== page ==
Solution: Some clients really click with using their phone. It's a pretty genius idea, it's always with you, and using a note-taking app affords you all the advantages of writing time, type, quantity, preparation method and even feelings (hungry, full, tired, etc) that were going on at the meal.
A word of caution: I love the note-taking apps. There are dozens out there, free, paid, and they can do all kinds of fancy things. Most phones even come with one built in. Seriously, go for it. But many apps specifically made to be a food journal can be overwhelming. They allow you to log all kinds of things, which may or may not be relevant to your course of treatment with your dietitian. There is such a thing as too much information, so if you choose to use one of these apps, discuss it with your dietitian and see what's a best fit for you.
Bonus: Some apps, such as Rise Up or Recovery Record give you the option to connect with your dietitian on a digital level. You may even find that the phone helps develop the habit, and then you can move to a written journal for a bit more freedom in the way you log your meals and interact with your dietitian.

What's your biggest barrier? Anything in particular that makes this an annoying daily task to complete? Let us know, and we'll crowd source solutions in the NG office!

- Les, MS RD LD

Thursday, August 15, 2013

Dietitian's Lunchbox

Here at Nutritional Guidance, we work hard for our clients. Helping each and every person that walks through our door meet their nutrition needs, answering questions, and providing education and information. We don't simply provide a meal plan, or an "eat this" guide, but rather we work together, with both individuals and families, to make sure that they are able to meet their goals and be successful.

As the school year kicks into full gear, we are here to answer your questions about how to provide a diet that meets our four main criteria: balance, adequacy, variety and moderation. Believe it or not, there are ways to get each of these things into the lunchbox and out the door every morning before the bus arrives.

In the coming weeks, we'll be sneaking a peek into the lunch boxes here at Nutritional Guidance, and sharing what we find.

In the meantime, here are a few tips about putting that lunch together -- not only for kids going back to school, but for those long days at the office where you'll be bringing lunch in with you, or just for packing a picnic for a day at the beach.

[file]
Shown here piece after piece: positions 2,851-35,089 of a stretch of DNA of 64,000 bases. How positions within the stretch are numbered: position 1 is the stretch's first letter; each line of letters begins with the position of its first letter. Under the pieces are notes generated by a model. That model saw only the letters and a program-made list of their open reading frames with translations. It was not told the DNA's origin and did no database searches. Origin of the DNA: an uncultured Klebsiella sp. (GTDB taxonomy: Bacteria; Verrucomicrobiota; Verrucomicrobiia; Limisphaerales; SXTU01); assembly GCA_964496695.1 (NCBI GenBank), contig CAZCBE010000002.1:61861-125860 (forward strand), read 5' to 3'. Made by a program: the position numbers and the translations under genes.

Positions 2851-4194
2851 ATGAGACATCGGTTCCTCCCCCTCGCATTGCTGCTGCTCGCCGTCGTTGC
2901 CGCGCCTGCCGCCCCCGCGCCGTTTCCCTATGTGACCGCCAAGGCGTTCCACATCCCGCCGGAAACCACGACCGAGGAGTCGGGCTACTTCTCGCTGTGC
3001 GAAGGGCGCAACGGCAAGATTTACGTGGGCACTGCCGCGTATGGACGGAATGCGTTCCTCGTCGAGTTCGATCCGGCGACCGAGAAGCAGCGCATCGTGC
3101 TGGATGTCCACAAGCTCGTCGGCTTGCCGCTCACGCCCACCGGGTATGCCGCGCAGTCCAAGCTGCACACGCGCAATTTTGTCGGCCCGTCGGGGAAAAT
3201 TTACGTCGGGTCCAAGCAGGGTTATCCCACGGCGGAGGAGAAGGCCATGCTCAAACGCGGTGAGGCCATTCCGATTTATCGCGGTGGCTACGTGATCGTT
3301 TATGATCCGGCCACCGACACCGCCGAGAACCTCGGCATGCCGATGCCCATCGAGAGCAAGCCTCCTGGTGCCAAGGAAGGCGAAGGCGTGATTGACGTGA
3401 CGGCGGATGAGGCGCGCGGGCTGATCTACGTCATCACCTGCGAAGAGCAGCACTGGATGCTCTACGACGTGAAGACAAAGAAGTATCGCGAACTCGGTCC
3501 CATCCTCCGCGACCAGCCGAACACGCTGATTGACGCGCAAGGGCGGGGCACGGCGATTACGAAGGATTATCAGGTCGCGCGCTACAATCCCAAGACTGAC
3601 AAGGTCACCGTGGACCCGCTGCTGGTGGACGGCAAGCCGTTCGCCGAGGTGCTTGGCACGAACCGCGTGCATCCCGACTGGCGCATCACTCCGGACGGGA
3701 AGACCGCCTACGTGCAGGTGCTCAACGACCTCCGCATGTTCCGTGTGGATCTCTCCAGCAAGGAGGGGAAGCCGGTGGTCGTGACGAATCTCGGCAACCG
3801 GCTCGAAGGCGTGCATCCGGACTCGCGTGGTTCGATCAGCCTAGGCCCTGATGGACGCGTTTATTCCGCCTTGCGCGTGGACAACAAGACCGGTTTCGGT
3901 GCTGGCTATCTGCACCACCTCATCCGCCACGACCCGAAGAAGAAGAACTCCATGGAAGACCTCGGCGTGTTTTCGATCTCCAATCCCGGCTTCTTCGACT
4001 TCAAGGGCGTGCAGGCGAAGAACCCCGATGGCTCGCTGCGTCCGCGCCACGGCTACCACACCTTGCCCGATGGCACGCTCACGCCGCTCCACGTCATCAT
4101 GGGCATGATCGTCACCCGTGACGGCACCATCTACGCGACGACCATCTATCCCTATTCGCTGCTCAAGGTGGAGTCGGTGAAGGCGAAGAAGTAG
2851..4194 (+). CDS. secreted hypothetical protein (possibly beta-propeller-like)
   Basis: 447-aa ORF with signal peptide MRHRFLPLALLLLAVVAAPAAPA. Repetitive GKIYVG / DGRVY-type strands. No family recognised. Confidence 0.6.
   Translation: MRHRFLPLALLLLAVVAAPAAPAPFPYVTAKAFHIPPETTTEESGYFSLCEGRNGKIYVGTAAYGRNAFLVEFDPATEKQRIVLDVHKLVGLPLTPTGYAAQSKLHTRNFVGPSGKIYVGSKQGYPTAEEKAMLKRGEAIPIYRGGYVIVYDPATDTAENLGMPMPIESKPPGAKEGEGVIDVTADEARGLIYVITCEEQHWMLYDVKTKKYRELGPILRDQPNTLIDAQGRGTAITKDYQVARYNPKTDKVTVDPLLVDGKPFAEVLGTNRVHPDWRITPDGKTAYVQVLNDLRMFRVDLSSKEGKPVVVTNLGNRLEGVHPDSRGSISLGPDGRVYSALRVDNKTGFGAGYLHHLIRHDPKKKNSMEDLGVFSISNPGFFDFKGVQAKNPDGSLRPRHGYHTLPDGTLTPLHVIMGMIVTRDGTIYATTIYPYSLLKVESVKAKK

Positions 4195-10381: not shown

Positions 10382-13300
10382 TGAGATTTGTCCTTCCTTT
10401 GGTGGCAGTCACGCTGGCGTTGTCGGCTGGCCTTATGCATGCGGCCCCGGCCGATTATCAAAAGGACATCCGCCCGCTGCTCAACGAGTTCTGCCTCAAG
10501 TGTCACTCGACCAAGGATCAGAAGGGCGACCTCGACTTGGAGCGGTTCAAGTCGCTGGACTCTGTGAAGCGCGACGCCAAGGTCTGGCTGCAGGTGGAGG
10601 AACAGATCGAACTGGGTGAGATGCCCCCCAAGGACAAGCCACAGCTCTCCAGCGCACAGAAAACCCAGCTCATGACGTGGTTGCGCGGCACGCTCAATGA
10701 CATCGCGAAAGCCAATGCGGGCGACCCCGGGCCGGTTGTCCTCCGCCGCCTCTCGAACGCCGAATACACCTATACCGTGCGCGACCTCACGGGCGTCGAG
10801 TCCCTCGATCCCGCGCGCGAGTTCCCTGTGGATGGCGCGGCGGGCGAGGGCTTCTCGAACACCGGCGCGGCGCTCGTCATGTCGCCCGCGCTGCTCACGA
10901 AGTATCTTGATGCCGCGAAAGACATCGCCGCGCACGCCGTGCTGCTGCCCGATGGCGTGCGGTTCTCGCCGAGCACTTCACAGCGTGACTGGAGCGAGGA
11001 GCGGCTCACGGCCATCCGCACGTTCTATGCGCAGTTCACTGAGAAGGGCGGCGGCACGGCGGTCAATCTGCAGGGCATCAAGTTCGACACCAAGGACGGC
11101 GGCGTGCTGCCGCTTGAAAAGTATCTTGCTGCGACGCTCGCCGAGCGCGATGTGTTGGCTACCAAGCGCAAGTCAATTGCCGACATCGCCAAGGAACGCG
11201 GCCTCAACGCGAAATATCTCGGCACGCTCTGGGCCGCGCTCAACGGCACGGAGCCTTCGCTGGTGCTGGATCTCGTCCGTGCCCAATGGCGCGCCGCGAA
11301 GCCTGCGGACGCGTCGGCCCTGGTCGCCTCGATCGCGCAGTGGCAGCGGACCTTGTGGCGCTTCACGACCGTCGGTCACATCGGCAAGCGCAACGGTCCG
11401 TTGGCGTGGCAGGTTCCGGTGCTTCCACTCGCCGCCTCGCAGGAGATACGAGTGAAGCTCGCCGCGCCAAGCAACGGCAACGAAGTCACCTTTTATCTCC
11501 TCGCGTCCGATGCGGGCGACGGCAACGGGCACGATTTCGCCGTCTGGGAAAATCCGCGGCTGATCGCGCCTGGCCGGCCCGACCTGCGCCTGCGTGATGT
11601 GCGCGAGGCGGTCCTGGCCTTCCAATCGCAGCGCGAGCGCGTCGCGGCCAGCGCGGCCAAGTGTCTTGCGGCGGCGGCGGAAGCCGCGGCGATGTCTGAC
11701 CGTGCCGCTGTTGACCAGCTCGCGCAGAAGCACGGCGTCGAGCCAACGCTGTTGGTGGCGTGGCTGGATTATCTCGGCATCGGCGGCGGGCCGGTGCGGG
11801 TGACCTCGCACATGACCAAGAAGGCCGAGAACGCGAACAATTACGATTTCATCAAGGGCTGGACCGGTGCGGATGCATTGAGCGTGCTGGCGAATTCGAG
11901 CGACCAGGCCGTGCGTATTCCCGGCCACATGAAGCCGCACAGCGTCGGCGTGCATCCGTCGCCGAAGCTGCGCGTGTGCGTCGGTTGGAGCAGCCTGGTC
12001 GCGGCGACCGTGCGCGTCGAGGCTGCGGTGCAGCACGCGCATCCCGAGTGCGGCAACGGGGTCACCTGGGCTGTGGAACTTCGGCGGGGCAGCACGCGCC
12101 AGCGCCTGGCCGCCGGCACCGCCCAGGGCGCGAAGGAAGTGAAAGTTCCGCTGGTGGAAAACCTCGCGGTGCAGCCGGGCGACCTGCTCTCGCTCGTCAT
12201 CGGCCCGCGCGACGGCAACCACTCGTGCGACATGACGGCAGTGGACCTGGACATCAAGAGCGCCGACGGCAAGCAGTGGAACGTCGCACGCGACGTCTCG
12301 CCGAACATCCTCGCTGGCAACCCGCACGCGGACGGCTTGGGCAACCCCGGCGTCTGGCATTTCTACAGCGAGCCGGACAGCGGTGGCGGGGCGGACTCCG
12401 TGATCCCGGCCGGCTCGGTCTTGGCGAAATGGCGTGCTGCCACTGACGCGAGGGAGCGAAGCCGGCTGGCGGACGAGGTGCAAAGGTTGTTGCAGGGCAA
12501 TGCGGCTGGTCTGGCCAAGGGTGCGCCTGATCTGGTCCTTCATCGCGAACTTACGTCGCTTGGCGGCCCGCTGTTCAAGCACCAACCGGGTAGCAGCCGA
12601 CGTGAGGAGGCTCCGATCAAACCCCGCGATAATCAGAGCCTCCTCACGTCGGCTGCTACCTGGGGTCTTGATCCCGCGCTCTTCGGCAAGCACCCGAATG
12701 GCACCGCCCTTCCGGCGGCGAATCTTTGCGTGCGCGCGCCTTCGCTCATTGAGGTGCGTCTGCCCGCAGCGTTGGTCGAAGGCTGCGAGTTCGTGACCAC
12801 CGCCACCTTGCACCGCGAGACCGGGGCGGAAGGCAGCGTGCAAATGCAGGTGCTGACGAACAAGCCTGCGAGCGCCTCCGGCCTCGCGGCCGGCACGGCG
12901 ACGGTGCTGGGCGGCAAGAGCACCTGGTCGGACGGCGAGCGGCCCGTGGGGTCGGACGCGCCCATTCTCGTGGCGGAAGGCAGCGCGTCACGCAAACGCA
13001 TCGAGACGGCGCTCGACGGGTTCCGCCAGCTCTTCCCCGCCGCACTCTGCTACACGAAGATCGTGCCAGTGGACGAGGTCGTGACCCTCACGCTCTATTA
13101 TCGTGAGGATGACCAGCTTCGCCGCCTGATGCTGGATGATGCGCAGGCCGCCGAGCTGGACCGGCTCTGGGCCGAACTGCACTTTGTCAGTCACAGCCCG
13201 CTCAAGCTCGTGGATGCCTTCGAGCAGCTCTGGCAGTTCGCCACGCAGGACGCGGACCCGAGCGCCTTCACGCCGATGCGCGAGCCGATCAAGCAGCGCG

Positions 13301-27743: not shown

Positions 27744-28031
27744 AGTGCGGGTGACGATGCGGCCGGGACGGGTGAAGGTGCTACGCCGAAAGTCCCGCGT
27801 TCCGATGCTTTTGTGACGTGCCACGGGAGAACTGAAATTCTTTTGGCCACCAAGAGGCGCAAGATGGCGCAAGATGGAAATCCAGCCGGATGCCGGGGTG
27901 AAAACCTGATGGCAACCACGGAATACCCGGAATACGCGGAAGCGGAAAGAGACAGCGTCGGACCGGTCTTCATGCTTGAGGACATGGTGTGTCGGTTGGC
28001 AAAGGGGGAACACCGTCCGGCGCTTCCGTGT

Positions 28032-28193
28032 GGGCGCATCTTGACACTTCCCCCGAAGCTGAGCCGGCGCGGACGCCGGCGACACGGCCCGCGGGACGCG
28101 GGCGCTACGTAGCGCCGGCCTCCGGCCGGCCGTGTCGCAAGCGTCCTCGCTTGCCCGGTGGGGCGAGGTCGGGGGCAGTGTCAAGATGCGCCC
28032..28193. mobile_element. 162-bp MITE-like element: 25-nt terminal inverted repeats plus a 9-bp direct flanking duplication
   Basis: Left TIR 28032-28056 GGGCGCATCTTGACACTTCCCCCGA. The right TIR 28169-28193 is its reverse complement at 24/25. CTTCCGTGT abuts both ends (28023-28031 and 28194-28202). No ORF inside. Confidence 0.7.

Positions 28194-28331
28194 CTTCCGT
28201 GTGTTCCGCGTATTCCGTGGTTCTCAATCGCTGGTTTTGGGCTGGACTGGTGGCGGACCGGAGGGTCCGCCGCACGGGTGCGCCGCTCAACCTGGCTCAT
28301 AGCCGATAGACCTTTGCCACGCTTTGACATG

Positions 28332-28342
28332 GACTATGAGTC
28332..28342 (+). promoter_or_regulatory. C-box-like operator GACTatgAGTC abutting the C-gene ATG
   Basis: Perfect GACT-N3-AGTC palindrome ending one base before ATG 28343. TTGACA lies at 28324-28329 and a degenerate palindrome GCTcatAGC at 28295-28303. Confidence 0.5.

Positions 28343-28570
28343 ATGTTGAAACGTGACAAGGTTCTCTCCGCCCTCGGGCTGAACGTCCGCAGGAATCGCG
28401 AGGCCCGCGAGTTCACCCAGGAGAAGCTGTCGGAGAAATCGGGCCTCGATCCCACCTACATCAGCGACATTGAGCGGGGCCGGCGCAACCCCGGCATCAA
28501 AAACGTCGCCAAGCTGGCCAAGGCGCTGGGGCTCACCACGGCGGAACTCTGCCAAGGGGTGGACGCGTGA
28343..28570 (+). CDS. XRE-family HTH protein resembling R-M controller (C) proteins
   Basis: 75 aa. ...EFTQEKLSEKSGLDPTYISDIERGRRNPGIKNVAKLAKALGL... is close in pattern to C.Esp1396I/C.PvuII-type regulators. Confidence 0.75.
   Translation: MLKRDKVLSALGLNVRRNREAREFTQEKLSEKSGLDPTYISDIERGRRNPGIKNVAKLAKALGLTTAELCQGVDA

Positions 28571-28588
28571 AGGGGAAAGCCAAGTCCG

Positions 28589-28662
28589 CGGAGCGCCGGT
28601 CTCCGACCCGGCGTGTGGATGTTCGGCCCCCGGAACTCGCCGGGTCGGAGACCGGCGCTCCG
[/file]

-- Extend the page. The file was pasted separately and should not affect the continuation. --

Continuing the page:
- Where are you going? Is there a refrigerator where you can keep you lunch chilled? Are you going to have access to a microwave? Remember, not having a fridge doesn't mean you can't bring chilled foods! Freezer packs can be picked up at the grocery store -- many for less than a dollar. An insulated lunch box will go a long way in helping keep your food chilled -- and safe -- until lunchtime. We'll be checking with both hot and cold meal options to help you and your loved ones meet your needs at the office and at the school cafeteria.

- What do you like? Especially for younger children, lunch may not be the time to introduce a new food or to attempt one of the 35 trials it takes for acceptance of a new (or oft-rejected) food. Instead, pick from foods that you know will go over well in the lunch box. Carrot sticks, fruit and other finger foods can be a great way to pack in fiber, vitamins and minerals at lunchtime. Get creative!

- Pack it together! Having your child help pick out foods for the lunch is a great way to get them involved. Sit together and make a grocery list -- providing options such as banana, apple or berries, can help your child take a bit of responsibility for the contents of the lunchbox, as well as help them learn what makes up a great meal. Children are also more likely to eat and enjoy foods that they helped prepare!

- No cleanup required! Remember, even with a 30 minute lunch break, often times on 15-20 minutes of that can really be used for the meal. Keep it simple and neat! Spaghetti and meatballs can be a part of a great meal, but it can be hard to eat (and keep clean!) at the lunch table, especially if this is a meal for a younger child. Complicated wrappers are to be avoided, and cutting up fruit or veggies in advance can help maximize the time that can be spent eating and enjoying the meal.

What challenges do you face packing meals each night?